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Many Canadians understand the heart-wrenching human toll of dementia, from memory loss and changes in mood to difficulties in judgment and reasoning. The physical and emotional burdens are well documented. However, fewer are acquainted with the disease’s financial toll.
It doesn’t affect just those living with dementia, but also their adult children, extended families, and caregivers.
Financial advisors have a tremendous opportunity to help their clients given that dementia will affect a growing number of them directly in the coming years.
As the population ages, the diagnoses for dementia and Alzheimer’s disease – the most common form of dementia – will rise. In turn, many more Canadian families will face financial questions they may not be equipped to answer.
Since the 2001 Canadian census, the number of seniors over the age of 85 has more than doubled, and projections say it will triple by 2046. More than 500,000 Canadians live with dementia, according to the Alzheimer Society of Canada. By 2032, this number will likely climb close to a million as incidence rates sit around 14 new cases for every 1,000 people over the age of 65.
That has the potential to result in a real financial crisis in Canadian homes. Within the next decade, the total out-of-pocket costs for families and caregivers of people with Alzheimer’s and other forms of dementia are projected to be in the billions of dollars annually.
In response, there will be a critical need for more disability planning services and a redefinition of how clients view advisors, who will have a greater responsibility to play a more holistic role.
However, stigma around the loss of cognitive functions, which can take many forms, is more often than not the first hurdle advisors will face in fulfilling this task.
Even though great strides have been made in opening up the public conversation around mental health, there may still be shame for those affected by dementia in seeking guidance with finances.
While many people can live full and productive lives for years following a dementia diagnosis, there may come a time when they’re no longer able to make sound financial decisions. Without proper guidance and support, these people are at a heightened risk of suffering serious financial problems.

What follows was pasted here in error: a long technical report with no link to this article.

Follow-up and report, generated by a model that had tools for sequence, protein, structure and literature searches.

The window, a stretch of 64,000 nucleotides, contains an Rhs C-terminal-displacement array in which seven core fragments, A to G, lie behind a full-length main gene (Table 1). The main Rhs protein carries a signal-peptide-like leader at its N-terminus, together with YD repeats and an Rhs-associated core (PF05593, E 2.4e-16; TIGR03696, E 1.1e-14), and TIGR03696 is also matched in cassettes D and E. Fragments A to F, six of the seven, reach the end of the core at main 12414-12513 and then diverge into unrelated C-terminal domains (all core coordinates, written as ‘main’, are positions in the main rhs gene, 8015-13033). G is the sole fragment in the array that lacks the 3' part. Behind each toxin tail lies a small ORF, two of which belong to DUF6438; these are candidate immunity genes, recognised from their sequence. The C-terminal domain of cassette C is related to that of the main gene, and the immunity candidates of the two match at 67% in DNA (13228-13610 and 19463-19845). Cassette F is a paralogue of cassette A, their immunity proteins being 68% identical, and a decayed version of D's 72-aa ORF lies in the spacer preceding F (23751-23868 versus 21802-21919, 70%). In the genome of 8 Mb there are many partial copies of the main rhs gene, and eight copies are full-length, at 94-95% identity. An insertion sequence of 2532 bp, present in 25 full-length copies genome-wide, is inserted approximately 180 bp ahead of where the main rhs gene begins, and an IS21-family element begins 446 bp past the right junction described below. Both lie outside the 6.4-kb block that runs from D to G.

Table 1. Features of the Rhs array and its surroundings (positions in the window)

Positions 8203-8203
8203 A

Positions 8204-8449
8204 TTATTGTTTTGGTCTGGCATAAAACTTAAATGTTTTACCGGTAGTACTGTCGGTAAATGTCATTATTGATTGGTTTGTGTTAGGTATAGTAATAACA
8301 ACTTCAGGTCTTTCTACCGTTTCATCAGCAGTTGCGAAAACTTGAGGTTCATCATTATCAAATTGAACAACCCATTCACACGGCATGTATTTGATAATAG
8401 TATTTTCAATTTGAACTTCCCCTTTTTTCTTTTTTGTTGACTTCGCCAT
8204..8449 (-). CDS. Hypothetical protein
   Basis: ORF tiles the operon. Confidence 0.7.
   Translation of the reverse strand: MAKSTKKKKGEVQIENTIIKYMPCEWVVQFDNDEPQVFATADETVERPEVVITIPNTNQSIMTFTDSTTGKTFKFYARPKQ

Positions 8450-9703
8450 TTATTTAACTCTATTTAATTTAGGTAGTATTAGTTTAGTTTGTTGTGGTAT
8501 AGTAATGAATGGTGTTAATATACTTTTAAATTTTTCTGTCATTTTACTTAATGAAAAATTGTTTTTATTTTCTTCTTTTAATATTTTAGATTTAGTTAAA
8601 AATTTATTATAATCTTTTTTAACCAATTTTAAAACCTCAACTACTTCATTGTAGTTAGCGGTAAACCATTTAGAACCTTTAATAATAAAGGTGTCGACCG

Advisors must be aware of the potential consequences clients could face in order to plan adequately for those challenging life stages to protect them and their families from personal and financial damage.
For example, the number of Canadians without a will or designated power of attorney is likely to be vastly underreported. Far too many people lack the financial literacy needed to set these plans in motion, or worse, feel they’re too young to need one.
No matter the reason, advisors have a part to play in nudging clients toward preparing the appropriate legal documents before it’s too late. That lack of preparation can lead to unintended costs for clients and their families.
If a client doesn’t prepare a power of attorney in advance, families may face lengthy and costly court proceedings to be granted access to a loved one’s finances to pay for a great number of related estate and health expenses, including nursing care costs.
Worst of all, it can also lead to financial abuse, which affects many older adults with dementia, according to the Alzheimer Society of Canada. An advisor can help clients develop the appropriate safeguards to protect against abuse.
To accomplish that, advisors will have the duty to do what they can to protect vulnerable clients. More Canadians than ever before will need this guidance, but first, they need to know advisors are there for them.
Damon Murchison is president and chief executive officer at Winnipeg-based IG Wealth Management. Kevin Noel is interim chief executive officer of the Alzheimer Society of Canada.
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